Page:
Germany is assisting in the destruction of Iraq’s chemical weapons stockpiles

20.01.2016 - Article

Germany’s Ambassador to Iraq Ekkehard Brose handed over a mobile container laboratory.

Ambassador Ekkehard Brose handed the mobile container lab over to Dr Hussain Al-Shahrestani, Iraq’s Higher Education Minister, on 18 January 2016. By providing this laboratory, Germany is helping Iraq in its efforts to meet its obligations under the Chemical Weapons Convention (CWC). The laboratory contains equipment to detect chemical warfare agents and toxic chemicals.

from the left, Basil Mohammed, Ambassador Ekkehard Brose, Education Minister Al-Shahrestani and Mohammed Al Sharaa.
from the left, Basil Mohammed, Ambassador Ekkehard Brose, Education Minister Al-Shahrestani and Mohammed Al Sharaa.© Federal Foreign Office

Getting this lab set up in Iraq, and training Iraqi staff to use the equipment, cost a total of 2 million euros from Federal Foreign Office funds. The project was agreed on by the Federal Republic of Germany and Iraq back in 2012, but the actual delivery of the equipment was repeatedly postponed due to the difficult security situation on the ground.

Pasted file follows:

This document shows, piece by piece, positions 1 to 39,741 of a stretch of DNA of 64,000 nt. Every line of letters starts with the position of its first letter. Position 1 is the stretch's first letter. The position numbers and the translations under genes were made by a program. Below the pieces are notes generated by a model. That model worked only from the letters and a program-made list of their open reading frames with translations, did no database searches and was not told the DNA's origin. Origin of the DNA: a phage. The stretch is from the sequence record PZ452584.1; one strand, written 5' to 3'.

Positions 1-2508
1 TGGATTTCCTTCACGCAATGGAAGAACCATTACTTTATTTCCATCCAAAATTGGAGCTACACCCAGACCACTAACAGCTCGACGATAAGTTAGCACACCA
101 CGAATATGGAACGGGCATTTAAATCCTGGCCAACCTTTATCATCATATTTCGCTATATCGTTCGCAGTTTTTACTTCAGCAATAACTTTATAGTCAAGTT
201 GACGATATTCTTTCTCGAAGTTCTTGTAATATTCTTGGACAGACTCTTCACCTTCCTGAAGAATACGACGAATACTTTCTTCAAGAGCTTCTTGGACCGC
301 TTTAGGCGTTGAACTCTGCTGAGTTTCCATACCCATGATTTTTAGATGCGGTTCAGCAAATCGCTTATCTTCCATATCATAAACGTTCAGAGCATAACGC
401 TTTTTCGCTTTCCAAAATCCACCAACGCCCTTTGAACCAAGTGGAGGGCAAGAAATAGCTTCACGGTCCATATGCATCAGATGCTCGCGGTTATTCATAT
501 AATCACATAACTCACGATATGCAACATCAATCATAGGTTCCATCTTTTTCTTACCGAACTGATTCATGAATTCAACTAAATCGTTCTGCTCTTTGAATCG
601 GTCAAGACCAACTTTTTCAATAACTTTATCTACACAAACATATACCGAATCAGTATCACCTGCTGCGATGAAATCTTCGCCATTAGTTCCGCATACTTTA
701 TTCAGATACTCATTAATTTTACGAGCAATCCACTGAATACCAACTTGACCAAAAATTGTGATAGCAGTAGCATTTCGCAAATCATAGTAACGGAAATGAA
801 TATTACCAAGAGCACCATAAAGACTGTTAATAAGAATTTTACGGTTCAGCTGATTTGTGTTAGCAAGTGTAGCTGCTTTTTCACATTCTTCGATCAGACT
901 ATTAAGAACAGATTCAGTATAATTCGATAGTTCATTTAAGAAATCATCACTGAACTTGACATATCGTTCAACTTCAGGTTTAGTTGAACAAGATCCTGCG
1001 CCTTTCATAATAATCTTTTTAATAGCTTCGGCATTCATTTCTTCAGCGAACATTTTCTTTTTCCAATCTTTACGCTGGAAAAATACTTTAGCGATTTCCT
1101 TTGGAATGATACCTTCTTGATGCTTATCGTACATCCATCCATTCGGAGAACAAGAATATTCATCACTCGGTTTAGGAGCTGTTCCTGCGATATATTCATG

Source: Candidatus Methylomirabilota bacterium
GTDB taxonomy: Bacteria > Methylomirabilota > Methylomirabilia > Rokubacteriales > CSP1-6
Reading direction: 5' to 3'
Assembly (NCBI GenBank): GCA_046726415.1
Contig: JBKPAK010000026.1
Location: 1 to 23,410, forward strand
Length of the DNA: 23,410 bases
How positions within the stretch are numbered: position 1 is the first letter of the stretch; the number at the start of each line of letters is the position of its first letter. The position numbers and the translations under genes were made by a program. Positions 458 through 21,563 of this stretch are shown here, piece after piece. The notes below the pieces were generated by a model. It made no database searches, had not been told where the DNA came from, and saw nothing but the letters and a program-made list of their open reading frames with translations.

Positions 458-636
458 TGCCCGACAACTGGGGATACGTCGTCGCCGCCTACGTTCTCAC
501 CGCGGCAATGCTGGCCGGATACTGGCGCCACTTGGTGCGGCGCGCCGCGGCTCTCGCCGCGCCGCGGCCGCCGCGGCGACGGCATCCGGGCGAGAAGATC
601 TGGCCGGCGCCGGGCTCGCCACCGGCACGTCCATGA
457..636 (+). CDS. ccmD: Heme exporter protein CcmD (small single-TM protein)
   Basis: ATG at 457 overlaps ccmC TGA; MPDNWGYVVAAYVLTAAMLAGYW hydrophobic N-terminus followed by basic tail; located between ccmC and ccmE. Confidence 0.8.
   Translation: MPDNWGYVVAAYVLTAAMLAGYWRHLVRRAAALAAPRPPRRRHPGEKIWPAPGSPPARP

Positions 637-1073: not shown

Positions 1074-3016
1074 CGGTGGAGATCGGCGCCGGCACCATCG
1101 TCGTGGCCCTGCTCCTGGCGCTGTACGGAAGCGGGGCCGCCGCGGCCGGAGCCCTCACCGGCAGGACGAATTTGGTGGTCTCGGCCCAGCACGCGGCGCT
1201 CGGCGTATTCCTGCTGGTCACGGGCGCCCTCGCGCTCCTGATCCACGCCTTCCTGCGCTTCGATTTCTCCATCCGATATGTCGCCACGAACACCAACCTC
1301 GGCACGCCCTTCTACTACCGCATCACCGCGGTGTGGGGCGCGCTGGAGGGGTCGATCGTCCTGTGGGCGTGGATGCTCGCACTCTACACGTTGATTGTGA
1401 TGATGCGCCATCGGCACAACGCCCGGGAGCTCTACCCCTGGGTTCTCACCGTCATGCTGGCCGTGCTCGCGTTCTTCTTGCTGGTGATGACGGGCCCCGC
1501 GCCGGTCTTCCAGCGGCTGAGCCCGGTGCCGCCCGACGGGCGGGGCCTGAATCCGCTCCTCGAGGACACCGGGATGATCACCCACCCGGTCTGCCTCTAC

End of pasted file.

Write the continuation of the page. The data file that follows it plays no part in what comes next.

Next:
Iraq still has stocks remaining from its chemical weapons programme which was abandoned in the late 1980s. These remnants are no longer weapons-grade and are subject to strict protection. Iraq has been a state party to the Chemical Weapons Convention of the Organisation for the Prohibition of Chemical Weapons (OPCW) since 2009, and as such is obliged to destroy all installations and weapons related to its former chemical weapons programme. Most of this work has already been completed.

Mobile container laboratory
Mobile container laboratory© Federal Foreign Office

The objective: a world free of chemical weapons

Germany supports the OPCW in its goal of creating a world free of chemical weapons. The Chemical Weapons Convention (CWC) is one of the most successful disarmament treaties ever. But the objective has not yet been achieved. Chemical weapons have, for example, been used in Syria on multiple occasions since August 2013, with devastating and long‑lasting consequences for the civilian population. These attacks are a reminder to the entire international community of the urgency of working towards the goal of a world free of chemical weapons.

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